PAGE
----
He was inspired by the many letters he'd received from children, wondering what had happened to Danny and Walter after they found the game at the end of Jumanji. "The only thing you know about Danny and Walter Budwing revealed in Jumanji is that the boys don't finish what they begin. And that created a lot of expectations about how horrible their experience might have been.

"So I was thinking about why Danny and Walter didn't ever finish anything. And I thought it was probably because they really couldn't stand each other. So I gave the boys this conflict. And then I thought, well, you can't just have them play the same game again, because people have seen it on film and in the book, too."

He came up with the idea of another game that was printed on the back of the Jumanji board after seeing similar games in a reproduction of a 1904 Sears Roebuck catalog. "So with those story elements in place, I went ahead."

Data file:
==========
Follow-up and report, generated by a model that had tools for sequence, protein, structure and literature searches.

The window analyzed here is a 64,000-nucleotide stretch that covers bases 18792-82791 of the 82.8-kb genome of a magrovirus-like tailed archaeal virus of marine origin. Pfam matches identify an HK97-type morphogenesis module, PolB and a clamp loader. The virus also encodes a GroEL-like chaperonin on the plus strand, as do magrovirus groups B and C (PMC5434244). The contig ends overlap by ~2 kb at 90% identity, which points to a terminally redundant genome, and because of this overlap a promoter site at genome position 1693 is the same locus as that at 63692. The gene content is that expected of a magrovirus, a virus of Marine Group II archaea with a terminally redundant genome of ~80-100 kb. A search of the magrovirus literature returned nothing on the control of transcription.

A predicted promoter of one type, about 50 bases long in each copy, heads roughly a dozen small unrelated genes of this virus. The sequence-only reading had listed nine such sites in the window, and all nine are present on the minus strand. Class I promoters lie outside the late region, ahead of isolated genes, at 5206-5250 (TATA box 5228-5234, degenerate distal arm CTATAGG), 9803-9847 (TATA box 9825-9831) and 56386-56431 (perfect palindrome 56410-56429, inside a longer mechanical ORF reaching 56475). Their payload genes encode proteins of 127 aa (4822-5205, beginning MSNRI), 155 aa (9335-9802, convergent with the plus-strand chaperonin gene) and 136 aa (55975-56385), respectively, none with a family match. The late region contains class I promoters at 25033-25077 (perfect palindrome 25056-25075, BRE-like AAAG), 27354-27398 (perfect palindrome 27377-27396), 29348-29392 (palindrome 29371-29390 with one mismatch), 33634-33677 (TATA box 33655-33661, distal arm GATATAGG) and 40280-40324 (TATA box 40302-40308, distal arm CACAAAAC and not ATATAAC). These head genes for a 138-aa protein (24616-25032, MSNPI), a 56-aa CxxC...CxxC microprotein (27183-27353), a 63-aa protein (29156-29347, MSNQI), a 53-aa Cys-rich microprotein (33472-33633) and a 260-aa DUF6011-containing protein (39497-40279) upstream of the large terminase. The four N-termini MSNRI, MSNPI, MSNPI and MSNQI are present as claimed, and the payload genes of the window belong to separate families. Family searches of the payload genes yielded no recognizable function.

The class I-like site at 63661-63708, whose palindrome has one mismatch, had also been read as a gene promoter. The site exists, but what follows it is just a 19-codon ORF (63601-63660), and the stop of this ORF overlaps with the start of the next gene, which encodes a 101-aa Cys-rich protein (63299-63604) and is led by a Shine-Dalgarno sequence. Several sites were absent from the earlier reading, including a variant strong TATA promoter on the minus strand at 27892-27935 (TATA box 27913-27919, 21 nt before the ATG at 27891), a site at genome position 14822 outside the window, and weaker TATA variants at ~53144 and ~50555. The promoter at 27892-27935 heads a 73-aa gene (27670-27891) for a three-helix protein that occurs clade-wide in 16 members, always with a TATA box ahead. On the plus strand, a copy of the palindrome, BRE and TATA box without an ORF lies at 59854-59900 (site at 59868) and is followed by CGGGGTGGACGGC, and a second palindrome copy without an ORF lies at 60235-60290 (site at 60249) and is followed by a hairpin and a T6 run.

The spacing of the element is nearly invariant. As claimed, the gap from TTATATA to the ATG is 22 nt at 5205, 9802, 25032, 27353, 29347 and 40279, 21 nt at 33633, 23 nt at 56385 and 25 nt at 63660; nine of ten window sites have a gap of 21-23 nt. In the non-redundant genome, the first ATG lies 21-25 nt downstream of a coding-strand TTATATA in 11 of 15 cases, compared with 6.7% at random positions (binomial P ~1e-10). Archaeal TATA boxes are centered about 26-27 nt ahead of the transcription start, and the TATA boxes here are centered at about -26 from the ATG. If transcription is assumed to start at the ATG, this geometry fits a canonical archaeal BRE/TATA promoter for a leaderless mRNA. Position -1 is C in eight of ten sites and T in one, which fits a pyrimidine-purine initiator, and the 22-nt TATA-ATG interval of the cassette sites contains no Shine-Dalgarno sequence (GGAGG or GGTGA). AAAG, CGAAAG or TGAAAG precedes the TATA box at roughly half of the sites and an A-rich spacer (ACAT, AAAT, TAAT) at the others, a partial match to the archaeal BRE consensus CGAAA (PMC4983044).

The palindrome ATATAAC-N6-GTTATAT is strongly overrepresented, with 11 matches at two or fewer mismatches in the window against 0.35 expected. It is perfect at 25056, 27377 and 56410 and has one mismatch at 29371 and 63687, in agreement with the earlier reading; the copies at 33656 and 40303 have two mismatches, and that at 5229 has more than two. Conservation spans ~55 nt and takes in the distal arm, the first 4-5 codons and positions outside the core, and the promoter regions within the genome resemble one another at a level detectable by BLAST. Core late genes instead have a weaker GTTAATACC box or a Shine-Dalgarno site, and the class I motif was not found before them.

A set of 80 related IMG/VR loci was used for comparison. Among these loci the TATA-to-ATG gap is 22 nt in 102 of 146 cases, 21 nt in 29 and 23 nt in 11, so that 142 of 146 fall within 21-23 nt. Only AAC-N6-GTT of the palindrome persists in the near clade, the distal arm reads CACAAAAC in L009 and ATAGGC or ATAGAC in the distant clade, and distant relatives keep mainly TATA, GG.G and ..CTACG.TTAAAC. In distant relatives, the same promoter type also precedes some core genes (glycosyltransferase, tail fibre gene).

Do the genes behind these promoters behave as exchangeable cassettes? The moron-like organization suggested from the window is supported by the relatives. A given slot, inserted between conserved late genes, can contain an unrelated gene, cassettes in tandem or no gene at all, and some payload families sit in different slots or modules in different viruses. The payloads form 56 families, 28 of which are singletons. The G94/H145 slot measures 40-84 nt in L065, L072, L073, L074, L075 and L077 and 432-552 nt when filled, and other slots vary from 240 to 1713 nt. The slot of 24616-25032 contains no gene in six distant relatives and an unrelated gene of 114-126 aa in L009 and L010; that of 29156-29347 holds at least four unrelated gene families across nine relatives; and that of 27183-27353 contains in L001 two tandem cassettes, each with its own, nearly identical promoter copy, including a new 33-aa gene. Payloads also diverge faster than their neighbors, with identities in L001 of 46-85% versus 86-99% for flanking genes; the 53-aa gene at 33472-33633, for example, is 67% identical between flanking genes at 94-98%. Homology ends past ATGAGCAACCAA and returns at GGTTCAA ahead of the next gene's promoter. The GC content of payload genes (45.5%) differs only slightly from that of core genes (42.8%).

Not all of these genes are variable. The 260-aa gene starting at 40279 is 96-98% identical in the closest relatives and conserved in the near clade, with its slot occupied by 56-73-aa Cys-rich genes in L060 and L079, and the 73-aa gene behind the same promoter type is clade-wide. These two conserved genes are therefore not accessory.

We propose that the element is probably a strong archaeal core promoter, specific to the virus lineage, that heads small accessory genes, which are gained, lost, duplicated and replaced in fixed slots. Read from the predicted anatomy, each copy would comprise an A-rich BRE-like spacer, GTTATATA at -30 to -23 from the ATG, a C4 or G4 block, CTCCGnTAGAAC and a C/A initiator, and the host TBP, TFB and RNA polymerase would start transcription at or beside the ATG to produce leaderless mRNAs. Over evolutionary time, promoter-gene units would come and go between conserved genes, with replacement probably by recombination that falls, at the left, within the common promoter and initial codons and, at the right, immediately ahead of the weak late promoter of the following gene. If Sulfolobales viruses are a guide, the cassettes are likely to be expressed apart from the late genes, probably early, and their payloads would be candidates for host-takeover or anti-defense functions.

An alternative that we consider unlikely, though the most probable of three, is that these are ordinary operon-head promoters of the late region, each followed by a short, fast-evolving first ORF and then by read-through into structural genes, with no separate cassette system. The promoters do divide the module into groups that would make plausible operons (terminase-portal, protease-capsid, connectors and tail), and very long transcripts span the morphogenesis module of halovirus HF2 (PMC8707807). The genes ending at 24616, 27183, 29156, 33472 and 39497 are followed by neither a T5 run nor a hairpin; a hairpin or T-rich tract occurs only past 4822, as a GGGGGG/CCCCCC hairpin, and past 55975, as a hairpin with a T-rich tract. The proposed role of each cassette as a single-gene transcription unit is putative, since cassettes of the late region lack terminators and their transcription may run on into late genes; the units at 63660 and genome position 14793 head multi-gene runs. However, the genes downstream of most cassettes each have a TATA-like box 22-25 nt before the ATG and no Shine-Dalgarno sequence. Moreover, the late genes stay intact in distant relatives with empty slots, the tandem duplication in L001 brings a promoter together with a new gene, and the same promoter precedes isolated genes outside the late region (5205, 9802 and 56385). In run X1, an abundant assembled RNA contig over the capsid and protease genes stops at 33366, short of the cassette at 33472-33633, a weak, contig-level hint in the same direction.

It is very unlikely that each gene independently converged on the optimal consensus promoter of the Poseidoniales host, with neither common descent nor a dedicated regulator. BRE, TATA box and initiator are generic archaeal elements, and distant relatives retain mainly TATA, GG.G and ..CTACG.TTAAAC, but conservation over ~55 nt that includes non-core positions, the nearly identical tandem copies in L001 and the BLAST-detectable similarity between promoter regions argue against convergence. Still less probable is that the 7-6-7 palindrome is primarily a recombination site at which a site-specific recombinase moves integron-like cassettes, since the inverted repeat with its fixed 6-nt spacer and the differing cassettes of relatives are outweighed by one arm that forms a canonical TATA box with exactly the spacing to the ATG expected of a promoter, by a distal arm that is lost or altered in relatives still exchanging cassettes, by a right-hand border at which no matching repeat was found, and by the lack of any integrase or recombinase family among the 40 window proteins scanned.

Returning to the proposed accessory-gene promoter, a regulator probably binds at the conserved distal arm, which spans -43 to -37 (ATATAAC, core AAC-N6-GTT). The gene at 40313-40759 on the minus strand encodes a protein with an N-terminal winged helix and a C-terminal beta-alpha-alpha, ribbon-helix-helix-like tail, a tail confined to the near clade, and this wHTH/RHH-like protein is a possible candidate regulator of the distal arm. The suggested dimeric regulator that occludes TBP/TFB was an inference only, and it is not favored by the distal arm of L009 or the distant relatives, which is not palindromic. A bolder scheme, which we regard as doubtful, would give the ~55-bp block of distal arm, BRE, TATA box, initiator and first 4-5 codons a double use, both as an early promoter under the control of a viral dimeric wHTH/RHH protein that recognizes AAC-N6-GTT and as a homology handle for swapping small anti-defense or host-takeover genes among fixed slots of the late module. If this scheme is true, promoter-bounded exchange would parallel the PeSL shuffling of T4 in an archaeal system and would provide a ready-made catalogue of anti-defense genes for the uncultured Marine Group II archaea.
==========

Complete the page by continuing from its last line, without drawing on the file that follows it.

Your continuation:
Top secret

Eventually, Sony Pictures bought the rights to bring Zathura to the screen. Although Van Allsburg wasn't asked to take a crack at a screenplay, he was kept informed all along the line of production.

Sony even sent him a sci-fi-themed "care package" at the start of production whose contents related to the movie. It included a fancy telescope and a little red robot, representing the robot he wrote about, although it doesn't look at all like his drawings or the more menacing robot in the film.